Knowledge management view of an NPP organization

Basic management theory suggests that organizations, in order to be effective, must fulfil the goals of core business processes (i.e. work processes, procedures and methods), using plant and equipment (i.e. base technology), people (i.e. human competencies), and information technology infrastructure (i.e. supporting technology). All of these factors, it is generally recognized, need to be aligned to organizational objectives (and in NPPs, that means the safe and reliable production of electricity) to achieve organizational performance. Organizational theory further predicts that organizational performance will be enhanced by a supportive culture that promotes organizational learning. Figure 2 illustrates these relationships and they are assumed to apply in the context of any NPP organization.

FIG. 2. Aligning to organizational objectives (see Ref. [2]).

From the literature, it is predicted that KM may play a significant role in achieving this alignment and in improving organizational performance. However, there is little consensus in the literature as to just how and why this may occur. This research hypothesizes that KM practices, by creating and enabling quality knowledge processes, help achieve and support this synergistic alignment, thus enabling and enhancing organizational effectiveness and ultimately performance. It is argued that quality knowledge processes promote the building and maintenance of a more integrated and shared organizational knowledge base, enhance organizational learning, and result in better knowledge-based decisions and action. The literature (e.g. [11]) suggests that a supportive organizational culture will also play an important role in these relationships, in that it promotes excellence in actions and decisions by motivating employees to be pro-active and to strive for continuous improvement. The net effect is hypothesized to be greater organizational effectiveness that will in turn improve overall operations, maintenance and administration (OM&A) of the organization. Figure 3 illustrates these relationships.


FIG. 3. KM links to improved operations, maintenance and administration (see Ref. [2]).


Many NPP organizations have invested heavily in information technology infrastructure as a way to improve efficiency and achieve cost reduction. In most operating NPPs, the information technology infrastructure is quite complex. There are typically a large number of systems. Figure 4 illustrates some of the more typical information systems and technology (IST) and operational support system (OSS) found in NPPs. The figure helps to convey the concept of an integrated and shared organizational knowledge-base (K-base) supported by these systems. Examples of these systems include computer aided design (CAD) models and drawings, operations and maintenance (O&M) history databases, outage planning systems, equipment reliability systems, and others.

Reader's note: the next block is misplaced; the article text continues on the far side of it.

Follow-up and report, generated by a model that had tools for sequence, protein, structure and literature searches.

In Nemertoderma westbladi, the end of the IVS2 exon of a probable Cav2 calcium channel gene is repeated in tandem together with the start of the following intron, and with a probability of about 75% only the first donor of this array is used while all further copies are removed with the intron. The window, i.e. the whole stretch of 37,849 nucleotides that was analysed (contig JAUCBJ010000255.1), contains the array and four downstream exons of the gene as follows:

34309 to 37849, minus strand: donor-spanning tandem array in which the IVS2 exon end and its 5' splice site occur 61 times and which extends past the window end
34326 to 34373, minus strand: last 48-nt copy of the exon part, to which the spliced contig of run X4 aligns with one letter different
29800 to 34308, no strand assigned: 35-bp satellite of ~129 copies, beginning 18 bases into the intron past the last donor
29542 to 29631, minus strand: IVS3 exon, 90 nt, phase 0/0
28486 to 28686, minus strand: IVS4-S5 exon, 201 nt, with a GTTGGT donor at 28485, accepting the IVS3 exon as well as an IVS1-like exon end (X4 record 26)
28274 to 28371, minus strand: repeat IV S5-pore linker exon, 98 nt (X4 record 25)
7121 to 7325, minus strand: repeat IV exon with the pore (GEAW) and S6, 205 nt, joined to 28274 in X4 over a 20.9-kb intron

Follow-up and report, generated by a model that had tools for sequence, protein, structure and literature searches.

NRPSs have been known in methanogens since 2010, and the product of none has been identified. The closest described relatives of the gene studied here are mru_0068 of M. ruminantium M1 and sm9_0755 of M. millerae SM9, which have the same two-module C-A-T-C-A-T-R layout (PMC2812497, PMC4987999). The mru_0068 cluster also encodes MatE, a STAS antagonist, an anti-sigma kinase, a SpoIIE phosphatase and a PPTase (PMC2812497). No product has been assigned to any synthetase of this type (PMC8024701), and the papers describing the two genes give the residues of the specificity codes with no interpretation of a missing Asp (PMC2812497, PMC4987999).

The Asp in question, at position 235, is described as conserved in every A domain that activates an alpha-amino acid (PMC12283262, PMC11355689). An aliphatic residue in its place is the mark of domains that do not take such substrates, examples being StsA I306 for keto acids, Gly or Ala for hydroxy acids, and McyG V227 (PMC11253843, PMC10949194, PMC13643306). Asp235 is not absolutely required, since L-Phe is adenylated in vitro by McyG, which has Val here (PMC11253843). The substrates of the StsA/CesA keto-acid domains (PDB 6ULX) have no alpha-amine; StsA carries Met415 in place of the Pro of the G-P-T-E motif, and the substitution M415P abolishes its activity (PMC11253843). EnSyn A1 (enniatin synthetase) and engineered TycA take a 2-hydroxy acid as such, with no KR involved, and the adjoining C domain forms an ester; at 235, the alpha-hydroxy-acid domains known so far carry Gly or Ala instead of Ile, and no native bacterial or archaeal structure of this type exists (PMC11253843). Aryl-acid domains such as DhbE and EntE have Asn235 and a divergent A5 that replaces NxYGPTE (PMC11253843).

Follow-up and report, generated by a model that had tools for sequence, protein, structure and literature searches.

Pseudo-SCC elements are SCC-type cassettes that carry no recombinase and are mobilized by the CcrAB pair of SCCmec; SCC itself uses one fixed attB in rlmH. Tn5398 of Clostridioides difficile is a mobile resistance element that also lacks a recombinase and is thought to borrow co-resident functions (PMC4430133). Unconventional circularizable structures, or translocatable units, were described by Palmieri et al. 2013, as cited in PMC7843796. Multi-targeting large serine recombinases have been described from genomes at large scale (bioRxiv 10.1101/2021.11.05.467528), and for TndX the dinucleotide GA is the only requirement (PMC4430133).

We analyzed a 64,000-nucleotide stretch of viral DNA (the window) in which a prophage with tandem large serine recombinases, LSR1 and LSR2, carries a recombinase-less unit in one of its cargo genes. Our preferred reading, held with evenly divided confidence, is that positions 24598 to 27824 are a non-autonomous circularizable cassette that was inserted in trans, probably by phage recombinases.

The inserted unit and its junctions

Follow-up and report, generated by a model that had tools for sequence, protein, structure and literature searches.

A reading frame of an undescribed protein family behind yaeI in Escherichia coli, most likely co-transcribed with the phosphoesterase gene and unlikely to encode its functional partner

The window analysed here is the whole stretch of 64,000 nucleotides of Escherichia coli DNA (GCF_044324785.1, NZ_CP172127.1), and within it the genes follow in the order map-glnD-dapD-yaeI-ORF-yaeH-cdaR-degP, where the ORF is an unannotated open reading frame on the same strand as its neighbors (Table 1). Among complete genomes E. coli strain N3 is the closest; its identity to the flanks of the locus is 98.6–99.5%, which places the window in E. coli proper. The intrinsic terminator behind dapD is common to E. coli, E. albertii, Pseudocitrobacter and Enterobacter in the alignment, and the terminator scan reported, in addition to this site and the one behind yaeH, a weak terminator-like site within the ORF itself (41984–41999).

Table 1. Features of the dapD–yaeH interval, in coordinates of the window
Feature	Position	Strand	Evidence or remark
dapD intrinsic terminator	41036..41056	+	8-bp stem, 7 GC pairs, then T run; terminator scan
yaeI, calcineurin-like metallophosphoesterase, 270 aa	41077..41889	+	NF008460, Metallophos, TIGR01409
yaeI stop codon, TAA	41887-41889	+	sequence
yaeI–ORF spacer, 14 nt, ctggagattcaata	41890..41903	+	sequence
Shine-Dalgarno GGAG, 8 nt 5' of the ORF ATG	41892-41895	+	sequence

Basic information systems theory predicts that collectively, these systems (if properly implemented) should support work and effective decision processes. This in turn, it is argued, should enable the tacit knowledge of plant staff to be leveraged and fully utilized in the day- to-day operation of the facility. The predicted end result being the more effective implementation of organizational policy, practices, and procedures, to achieve the objectives of the organization’s OM&A strategies (see Fig. 4). Information systems technology support then, it is argued, when viewed from a KM perspective, is essentially another, though perhaps quite distinct, way to enhance the quality of knowledge processes.

FIG. 4. Typical information systems & technology infrastructure in NPPs [12].

In summary, it is hypothesized that effective KM practices will have a direct impact on the quality of knowledge processes, and these in turn should improve overall NPP organizational effectiveness. The information technology infrastructure of the organization is also expected to play an important role by enabling and supporting these quality knowledge processes. Finally it is expected that the extent of KM practices and the effectiveness of the IT infrastructure will both have a positive impact on the level of supportive organizational culture, and all these factors will have a positive effect on the quality of knowledge processes. Finally, it is believed that quality knowledge processes and a supportive organizational culture will directly and positively impact organizational effectiveness.

Research questions and approach